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Ahead of Pro-Trump Rally, KKK Members Claim They’re ‘Not White Supremacists’

PELHAM, N.C. — In today's racially charged environment, there's a label that even the KKK disavows: white supremacy.

Standing on a muddy dirt road in the dead of night near the North Carolina-Virginia border, masked Ku Klux Klan members claimed Donald Trump's election as president proves whites are taking back America from blacks, immigrants, Jews and other groups they describe as criminals and freeloaders. America was founded by and for whites, they say, and only whites can run a peaceful, productive society.

Image:
Two masked Ku Klux Klansmen stand on a muddy dirt road during an interview near Pelham, N.C. on this Friday, Dec. 2. Jay Reeves / AP

But still, the KKK members insisted in an interview with The Associated Press, they're not white supremacists, a label that is gaining traction in the country since Trump won with the public backing of the Klan, neo-Nazis and other white racists.

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"We're not white supremacists. We believe in our race," said a man with a Midwestern accent and glasses just hours before a pro-Trump Klan parade in a nearby town. He, like three Klan compatriots, wore a robe and pointed hood and wouldn't give his full name, in accordance with Klan rules.

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Claiming the Klan isn't white supremacist flies in the face of its very nature. The Klan's official rulebook, the Kloran — published in 1915 and still followed by many groups — says the organization "shall ever be true in the faithful maintenance of White Supremacy," even capitalizing the term for emphasis.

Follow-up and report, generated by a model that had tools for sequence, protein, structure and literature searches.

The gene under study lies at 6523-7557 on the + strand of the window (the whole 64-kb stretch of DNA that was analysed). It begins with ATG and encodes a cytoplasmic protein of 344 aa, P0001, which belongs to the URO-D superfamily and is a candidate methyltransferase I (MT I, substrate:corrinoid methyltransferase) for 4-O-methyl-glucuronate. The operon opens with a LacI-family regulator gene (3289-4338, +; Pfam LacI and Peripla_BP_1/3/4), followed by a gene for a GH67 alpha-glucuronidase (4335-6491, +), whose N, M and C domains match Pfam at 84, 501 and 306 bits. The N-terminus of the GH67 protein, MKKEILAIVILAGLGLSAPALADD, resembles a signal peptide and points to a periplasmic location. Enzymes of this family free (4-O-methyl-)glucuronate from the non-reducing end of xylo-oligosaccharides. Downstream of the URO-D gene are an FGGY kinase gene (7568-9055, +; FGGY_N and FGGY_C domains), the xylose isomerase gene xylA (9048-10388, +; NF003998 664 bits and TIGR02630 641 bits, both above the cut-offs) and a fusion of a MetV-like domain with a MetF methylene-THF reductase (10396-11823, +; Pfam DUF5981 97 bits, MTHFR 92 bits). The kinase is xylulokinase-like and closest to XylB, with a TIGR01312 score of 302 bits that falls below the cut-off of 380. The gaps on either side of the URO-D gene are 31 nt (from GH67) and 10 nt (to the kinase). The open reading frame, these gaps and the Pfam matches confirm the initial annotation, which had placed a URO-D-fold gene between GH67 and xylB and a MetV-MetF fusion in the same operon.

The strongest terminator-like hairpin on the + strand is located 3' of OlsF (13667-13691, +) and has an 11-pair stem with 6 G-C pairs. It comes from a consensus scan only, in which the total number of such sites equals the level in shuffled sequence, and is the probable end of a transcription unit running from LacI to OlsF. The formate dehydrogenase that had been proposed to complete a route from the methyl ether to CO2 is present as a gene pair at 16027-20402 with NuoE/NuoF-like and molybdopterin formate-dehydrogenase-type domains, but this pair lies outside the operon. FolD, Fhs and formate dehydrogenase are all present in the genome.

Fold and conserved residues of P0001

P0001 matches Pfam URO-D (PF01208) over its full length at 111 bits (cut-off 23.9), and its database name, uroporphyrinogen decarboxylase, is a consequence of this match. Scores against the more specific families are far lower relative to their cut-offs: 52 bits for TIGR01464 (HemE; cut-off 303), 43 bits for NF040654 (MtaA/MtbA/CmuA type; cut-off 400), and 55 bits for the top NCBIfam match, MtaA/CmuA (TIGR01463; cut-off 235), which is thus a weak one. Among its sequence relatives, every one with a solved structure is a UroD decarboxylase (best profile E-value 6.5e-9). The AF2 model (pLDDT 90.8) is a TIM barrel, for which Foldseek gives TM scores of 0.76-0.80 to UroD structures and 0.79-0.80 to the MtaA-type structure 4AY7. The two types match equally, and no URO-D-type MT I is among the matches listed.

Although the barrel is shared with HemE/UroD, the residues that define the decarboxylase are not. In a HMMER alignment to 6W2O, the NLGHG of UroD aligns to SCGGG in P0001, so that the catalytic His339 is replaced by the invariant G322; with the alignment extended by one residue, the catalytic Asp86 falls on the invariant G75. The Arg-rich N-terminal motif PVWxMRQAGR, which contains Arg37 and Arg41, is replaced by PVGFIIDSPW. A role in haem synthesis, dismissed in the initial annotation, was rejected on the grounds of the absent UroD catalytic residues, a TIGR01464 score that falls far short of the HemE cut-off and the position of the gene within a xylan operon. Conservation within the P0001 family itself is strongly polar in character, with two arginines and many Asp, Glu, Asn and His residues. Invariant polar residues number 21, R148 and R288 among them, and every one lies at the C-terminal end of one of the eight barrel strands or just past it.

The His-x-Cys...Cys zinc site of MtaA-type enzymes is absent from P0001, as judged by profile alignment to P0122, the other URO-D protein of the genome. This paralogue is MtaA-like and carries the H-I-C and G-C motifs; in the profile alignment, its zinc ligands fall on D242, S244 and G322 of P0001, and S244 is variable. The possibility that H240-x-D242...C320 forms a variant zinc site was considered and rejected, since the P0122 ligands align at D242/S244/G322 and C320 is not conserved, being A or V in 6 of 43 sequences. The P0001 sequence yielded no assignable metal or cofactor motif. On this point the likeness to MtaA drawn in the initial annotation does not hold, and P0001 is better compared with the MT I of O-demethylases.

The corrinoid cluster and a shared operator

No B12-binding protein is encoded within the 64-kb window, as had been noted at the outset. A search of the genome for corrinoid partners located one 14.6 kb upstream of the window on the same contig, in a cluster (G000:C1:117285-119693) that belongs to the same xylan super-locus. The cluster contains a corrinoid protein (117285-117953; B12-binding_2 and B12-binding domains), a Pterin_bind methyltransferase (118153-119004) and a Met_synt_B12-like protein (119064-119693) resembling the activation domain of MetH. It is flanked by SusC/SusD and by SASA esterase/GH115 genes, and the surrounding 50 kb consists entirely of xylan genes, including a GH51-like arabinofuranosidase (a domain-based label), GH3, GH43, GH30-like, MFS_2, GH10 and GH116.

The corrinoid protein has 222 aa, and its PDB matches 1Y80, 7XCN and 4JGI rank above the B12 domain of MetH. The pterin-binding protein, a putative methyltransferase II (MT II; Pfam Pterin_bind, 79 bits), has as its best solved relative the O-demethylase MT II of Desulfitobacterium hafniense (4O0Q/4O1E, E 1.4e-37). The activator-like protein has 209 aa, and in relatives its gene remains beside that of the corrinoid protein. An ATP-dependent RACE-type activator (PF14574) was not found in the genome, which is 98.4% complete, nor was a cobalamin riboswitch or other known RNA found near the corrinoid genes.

Watchdog groups also consider the Klan a white supremacist organization, and experts say the groups' denials are probably linked to efforts to make their racism more palatable.

Still, KKK groups today typically renounce the term. The same goes for extremists including members of the self-proclaimed "alt-right," an extreme branch of conservatism mixing racism, white nationalism and populism.

"We are white separatists, just as Yahweh in the Bible told us to be. Separate yourself from other nations. Do not intermix and mongrelize your seed," said one of the Klansmen who spoke along the muddy lane.

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The Associated Press interviewed the men, who claimed membership in the Loyal White Knights of the KKK, in a nighttime session set up with help of Chris Barker, a KKK leader who confirmed details of the group's "Trump victory celebration" in advance of the event. As many as 30 cars paraded through the town of Roxboro, North Carolina, some bearing Confederate and KKK flags.

Barker didn't participate, though: He and a Klan leader from California were arrested hours earlier on charges linked to the stabbing of a third KKK member during a fight, sheriff's officials said. Both men were jailed; the injured man was recovering.

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The Southern Poverty Law Center and the Anti-Defamation League, which monitor white extremist organizations and are tracking an increase in reports of racist incidents since the election, often use the "white supremacist" label when describing groups like the Klan; white nationalism and white separatism are parts of the ideology. But what exactly is involved?

The ADL issued a report last year describing white supremacists as "ideologically motivated by a series of racist beliefs, including the notion that whites should be dominant over people of other backgrounds, that whites should live by themselves in a whites-only society, and that white people have their own culture and are genetically superior to other cultures."

That sounds a lot like some of the ideas espoused by today's white radicals, yet they reject the label. That's likely because they learned the lessons of one-time Klan leader David Duke, who unsuccessfully ran for the U.S. Senate in Louisiana this year, said Penn State University associate professor Josh Inwood.

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"(There was) this peddling of kinder, softer white supremacy. He tried to pioneer a more respectable vision of the Klan," Inwood said.